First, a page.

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[uh b-strep-er-uh s] /əbˈstrɛp ər əs/
resisting control or restraint in a difficult manner; unruly.
noisy, clamorous, or boisterous:
obstreperous children.
Origin of obstreperous
1590-1600; < Latin obstreperus clamorous, akin to obstrepere to make a noise at (ob- ob- + strepere to rattle); see -ous
Related forms
obstreperously, adverb
obstreperousness, obstreperosity
[uh b-strep-uh-ros-i-tee] /əbˌstrɛp əˈrɒs ɪ ti/ (Show IPA),
1. uncontrolled, refractory.
1. obedient. 2. calm. Unabridged
Based on the Random House Dictionary, © Random House, Inc. 2015.
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Examples from the web for obstreperous
  • Refraining from abusive or obstreperous conduct is a corollary of the advocate's right to speak on behalf of litigants.
  • Refraining from abusive or obstreperous conduct is a corollary of the lawyer's right to speak on behalf of litigants.
  • Here, however, the testimony was that appellant was constantly obstreperous throughout his contact with police.
  • Not because you are trying to be churlish or obstreperous about it, but because you are not allowed.
  • It took the trainmen about thirty minutes to put off the obstreperous soldiers.
  • Murphy has let a few, disturbers into conventions, but promptly ejected them when they became obstreperous.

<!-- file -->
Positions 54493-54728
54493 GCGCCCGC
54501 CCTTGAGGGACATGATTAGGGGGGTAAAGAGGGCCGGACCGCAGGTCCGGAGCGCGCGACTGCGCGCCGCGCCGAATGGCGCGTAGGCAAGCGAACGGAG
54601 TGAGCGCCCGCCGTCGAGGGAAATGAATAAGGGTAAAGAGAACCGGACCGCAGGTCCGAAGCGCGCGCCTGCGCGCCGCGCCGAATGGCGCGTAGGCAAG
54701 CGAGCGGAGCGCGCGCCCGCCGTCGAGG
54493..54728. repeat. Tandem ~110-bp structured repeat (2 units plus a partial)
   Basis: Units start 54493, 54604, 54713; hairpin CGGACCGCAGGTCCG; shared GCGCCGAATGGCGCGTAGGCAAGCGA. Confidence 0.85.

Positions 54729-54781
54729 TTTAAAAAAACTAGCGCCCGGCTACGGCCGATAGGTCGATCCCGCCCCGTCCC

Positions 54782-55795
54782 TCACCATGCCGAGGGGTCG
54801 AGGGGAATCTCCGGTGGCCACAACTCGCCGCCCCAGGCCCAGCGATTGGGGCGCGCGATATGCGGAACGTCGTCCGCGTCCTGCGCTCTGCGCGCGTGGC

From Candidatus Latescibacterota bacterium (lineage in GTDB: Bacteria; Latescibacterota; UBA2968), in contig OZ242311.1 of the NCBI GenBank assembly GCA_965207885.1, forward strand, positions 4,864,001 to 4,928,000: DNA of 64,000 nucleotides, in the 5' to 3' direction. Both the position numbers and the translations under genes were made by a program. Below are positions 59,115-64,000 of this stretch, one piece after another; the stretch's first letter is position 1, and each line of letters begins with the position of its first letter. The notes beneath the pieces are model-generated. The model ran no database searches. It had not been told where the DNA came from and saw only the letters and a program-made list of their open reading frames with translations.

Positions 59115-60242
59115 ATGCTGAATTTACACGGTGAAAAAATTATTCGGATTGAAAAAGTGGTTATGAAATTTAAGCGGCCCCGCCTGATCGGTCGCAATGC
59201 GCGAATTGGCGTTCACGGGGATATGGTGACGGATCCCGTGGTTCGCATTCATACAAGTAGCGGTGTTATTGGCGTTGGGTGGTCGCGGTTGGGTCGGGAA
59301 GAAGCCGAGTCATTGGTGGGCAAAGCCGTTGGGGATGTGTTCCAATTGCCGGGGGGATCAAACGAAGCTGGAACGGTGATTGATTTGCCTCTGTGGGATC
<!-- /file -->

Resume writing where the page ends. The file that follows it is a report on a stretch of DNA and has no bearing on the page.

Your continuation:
British Dictionary definitions for obstreperous


noisy or rough, esp in resisting restraint or control
Derived Forms
obstreperously, adverb
obstreperousness, noun
Word Origin
C16: from Latin, from obstrepere, from ob- against + strepere to roar
Collins English Dictionary - Complete & Unabridged 2012 Digital Edition
© William Collins Sons & Co. Ltd. 1979, 1986 © HarperCollins
Publishers 1998, 2000, 2003, 2005, 2006, 2007, 2009, 2012
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Word Origin and History for obstreperous

c.1600, from Latin obstreperus "clamorous," from obstrepere "drown with noise, make a noise against, oppose noisily," from ob "against" (see ob-) + strepere "make a noise," from PIE *strep-, said to be imitative (cf. Latin stertare "to snore," Old Norse þrapt "chattering," Old English þræft "quarrel"). Related: Obstreperously; obstreperousness.

Online Etymology Dictionary, © 2010 Douglas Harper
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